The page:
Commentary: Obama should consider Inez Tennebaum for education post

Now that he's got his economic and national security teams lined up, President-Elect Obama can turn to the "second-tier" Cabinet positions, such as Secretary of Education.

Normally, I wouldn't take all that much interest in the Education job. I don't see education as a proper function of the federal government; it's a state responsibility. And when the feds have gotten involved in K-12, they've generally mucked it up. I'm not a fan of Ronald Reagan, but he did get some things right, and one of them was proposing to do away with the U.S. Department of Education. You'll notice, however, that after all that talk, he didn't actually get rid of it. So the department is there, and somebody is going to run it.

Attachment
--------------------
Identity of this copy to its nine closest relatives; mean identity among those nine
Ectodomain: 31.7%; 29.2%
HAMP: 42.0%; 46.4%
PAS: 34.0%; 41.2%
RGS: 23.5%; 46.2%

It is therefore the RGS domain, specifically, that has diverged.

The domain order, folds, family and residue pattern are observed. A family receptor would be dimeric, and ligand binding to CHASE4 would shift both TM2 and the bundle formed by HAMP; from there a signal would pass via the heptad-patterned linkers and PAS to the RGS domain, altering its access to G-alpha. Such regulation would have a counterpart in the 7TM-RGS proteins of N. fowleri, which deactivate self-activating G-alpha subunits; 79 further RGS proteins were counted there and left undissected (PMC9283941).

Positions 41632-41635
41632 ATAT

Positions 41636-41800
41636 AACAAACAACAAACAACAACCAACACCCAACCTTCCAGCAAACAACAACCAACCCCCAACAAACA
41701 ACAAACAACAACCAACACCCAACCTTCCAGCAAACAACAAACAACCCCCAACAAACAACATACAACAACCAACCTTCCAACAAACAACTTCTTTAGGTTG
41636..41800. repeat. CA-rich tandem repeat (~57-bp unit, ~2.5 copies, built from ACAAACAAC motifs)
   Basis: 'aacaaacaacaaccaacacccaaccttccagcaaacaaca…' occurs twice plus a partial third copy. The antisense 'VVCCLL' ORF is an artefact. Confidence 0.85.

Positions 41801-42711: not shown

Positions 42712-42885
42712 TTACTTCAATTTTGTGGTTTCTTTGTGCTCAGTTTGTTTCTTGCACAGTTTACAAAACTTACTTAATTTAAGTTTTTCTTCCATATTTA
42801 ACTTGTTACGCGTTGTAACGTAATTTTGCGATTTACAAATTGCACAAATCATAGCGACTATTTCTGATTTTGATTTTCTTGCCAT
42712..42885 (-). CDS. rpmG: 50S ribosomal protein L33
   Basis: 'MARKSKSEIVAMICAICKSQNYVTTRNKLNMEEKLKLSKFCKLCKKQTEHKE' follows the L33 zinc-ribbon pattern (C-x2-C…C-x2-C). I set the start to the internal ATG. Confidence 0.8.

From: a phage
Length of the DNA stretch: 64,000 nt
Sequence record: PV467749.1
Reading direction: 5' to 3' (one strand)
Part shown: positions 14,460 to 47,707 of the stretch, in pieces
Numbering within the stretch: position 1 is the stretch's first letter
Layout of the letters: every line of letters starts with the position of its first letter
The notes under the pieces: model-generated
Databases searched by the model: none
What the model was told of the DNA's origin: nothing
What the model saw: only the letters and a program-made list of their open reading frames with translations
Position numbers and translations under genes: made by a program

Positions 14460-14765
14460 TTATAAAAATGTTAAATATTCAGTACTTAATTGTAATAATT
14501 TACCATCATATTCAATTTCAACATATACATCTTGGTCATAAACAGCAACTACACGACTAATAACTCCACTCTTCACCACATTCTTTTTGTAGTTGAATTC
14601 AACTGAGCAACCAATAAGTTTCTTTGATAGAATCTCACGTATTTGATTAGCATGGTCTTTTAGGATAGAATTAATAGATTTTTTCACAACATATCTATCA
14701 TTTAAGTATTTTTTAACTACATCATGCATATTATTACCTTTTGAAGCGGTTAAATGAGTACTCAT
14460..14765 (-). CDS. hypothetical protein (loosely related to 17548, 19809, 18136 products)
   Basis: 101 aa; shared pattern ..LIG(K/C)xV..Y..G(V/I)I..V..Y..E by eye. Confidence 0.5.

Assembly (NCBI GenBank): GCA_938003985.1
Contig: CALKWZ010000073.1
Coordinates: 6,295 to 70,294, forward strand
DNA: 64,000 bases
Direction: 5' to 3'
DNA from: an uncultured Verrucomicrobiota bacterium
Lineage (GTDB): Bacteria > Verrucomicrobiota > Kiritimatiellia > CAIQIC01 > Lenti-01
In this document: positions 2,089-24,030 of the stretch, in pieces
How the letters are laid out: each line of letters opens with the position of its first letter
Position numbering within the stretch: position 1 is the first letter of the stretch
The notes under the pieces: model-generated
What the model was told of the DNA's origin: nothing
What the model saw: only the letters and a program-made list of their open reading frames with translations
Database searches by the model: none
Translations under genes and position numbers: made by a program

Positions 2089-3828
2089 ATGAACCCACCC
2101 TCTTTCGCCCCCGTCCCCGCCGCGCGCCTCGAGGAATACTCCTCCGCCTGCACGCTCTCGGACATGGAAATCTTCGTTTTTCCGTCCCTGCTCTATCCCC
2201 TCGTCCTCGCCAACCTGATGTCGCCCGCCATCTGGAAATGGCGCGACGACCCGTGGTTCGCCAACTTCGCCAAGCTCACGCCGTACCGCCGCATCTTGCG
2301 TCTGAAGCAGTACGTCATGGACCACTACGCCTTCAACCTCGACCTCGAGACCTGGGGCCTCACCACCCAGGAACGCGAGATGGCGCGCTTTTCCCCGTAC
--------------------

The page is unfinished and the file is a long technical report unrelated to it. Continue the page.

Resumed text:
That being the case, I hope the somebody Barack Obama chooses is our own Inez Tenenbaum. At this point you're thinking two things: First, "Does she really have a shot at that?" I don’t know. There are a lot of lists, short and long, floating around, and she's on some and not on others. The Associated Press had her on a short list of five names (which also included Colin Powell) at the end of November, but when they moved the same list on Thursday, she wasn’t on it (nor was Gen. Powell). On the same day, MSNBC posted a long list on its Web site that included her (and Gen. Powell). Other names regularly mentioned include Arne Duncan, who runs Chicago public schools, and Gov. Kathleen Sebelius of Kansas.

Inez (disclosure here — I call her Inez because her husband, Samuel, is a friend) doesn't make it on David Brooks' short list in his column on the facing page. But we'll see.

Now for the second thing you're thinking, especially if you're one of those who buy into the notion that public schools in South Carolina are irredeemable, and anyone who has ever had anything to do with them is tainted. When I mentioned Inez as a contender for the job the other day, someone who should know better said it would be ironic for two Democratic secretaries in a row to be from South Carolina, since our schools struggle so.

To read the complete column, visit The State.